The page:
The ‘tk’ CLI allows for creating and manipulating environments, each of which can make use of the project’s libraries, whilst also defining configuration specific to that environment. The ‘main.jsonnet’ file is the entry point for each environment’s configuration, whilst the ‘spec.json’ file provides Tanka with the details of the target environment.
n order to transform the source into a set of YAML manifests, Tanka will first process all of the Jsonnet components to produce a large JSON object. It starts with the ‘main.jsonnet’ file for the environment in question, imports any defined libraries, before executing the Jsonnet code to create the JSON output. The Kubernetes resources will be nested within this object, which Tanka then traverses in order to find and extract those resources. The extracted resources are converted from their JSON representation to YAML.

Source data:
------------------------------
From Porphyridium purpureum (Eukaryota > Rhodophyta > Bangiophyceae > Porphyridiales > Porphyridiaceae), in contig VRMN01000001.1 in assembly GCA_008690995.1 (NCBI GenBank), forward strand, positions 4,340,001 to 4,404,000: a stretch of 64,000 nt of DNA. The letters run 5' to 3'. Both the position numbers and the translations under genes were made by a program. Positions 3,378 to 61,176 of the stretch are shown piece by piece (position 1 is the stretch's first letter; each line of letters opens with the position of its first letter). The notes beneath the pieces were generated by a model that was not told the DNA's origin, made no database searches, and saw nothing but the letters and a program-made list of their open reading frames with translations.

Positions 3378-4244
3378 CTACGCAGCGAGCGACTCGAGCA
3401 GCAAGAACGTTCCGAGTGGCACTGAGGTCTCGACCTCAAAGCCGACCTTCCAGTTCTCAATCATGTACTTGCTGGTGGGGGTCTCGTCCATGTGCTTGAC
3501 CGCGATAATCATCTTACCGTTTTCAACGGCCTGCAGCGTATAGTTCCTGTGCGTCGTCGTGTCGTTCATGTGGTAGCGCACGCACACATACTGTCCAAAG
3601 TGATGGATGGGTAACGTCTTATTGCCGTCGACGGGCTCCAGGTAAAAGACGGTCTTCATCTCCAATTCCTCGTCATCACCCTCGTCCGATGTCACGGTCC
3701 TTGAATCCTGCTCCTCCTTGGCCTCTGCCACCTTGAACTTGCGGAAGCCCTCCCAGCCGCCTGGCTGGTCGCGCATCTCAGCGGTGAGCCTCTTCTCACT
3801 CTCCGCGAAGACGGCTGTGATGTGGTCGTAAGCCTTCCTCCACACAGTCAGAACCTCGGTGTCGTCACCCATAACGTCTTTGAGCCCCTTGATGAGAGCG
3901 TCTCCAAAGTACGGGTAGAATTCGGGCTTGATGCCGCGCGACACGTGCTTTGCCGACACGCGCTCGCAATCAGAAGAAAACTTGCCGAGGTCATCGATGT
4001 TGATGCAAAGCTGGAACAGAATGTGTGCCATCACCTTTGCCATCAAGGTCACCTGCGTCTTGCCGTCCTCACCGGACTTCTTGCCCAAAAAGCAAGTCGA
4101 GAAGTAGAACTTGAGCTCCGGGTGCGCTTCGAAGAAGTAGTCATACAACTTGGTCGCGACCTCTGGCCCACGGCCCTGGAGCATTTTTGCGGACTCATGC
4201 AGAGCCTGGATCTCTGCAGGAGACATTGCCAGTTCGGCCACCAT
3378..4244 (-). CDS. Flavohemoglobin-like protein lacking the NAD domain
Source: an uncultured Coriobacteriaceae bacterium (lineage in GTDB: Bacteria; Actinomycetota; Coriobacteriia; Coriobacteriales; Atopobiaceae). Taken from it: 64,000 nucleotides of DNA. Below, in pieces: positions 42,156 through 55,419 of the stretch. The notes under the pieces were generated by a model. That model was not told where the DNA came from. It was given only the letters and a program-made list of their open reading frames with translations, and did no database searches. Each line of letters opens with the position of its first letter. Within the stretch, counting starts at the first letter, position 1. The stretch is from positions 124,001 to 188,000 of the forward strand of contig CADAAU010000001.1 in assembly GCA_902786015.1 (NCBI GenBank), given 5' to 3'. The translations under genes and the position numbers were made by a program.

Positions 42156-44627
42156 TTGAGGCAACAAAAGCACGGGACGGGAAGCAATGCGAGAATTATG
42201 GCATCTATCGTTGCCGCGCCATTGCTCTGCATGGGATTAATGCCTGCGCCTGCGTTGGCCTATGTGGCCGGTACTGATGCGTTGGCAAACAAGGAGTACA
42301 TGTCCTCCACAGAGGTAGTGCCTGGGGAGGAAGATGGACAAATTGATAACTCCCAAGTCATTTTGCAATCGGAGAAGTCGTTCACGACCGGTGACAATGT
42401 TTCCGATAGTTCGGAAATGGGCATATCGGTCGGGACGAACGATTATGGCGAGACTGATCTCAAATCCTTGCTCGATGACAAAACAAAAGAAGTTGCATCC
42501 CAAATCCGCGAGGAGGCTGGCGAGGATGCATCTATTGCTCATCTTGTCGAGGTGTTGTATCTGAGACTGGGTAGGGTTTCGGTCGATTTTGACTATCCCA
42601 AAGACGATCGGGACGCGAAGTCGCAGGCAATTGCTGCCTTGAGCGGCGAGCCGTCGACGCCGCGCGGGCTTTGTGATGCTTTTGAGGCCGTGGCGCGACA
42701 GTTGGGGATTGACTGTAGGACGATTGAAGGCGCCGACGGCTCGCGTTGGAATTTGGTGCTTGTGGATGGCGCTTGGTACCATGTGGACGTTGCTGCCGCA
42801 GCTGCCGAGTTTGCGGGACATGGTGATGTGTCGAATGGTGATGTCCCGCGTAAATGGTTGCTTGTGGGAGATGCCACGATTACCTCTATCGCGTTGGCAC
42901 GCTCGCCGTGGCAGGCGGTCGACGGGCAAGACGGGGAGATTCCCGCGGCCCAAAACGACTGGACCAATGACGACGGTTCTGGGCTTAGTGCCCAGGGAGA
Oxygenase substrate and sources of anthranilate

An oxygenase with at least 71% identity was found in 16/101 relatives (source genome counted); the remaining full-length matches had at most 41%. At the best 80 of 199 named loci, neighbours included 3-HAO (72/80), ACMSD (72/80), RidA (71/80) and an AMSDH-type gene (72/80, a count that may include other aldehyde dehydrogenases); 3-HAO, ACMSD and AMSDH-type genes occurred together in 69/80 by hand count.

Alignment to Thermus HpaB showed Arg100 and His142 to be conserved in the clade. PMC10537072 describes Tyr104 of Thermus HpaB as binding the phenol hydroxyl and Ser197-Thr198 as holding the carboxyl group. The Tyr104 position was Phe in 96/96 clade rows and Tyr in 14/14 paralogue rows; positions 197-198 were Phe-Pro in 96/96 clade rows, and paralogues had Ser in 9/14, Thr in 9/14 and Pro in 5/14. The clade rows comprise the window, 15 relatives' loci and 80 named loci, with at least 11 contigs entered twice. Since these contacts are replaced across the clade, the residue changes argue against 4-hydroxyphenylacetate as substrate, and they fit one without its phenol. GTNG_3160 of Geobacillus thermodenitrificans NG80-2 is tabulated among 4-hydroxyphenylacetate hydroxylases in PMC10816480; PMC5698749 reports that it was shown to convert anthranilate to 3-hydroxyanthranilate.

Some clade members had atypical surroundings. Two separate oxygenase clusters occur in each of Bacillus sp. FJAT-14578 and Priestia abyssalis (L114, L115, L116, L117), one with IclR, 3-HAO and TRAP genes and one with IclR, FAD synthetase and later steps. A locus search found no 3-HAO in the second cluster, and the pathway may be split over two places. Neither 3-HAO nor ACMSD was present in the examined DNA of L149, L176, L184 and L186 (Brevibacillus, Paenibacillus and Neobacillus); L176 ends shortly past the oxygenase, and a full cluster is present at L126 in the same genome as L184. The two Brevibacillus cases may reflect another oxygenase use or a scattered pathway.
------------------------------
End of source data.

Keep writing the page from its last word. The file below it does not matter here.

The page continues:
The following ‘tk’ sub-commands facilitate an application configuration management workflow with Tanka:
Crucially, the ‘diff’ sub-command allows for checking what will change in the cluster if the generated YAML is subsequently applied to it. This diff is a server-side diff (where possible), which has the benefit of providing the differences after being processed by the admission controller. The ‘diff’ and ‘apply’ sub-commands invoke ‘kubectl’ to perform their tasks, which needs to reside in the user’s path.
Tanka and Jsonnet, then, are a great mix. But, what about Tanka’s chances of succeeding where ksonnet failed?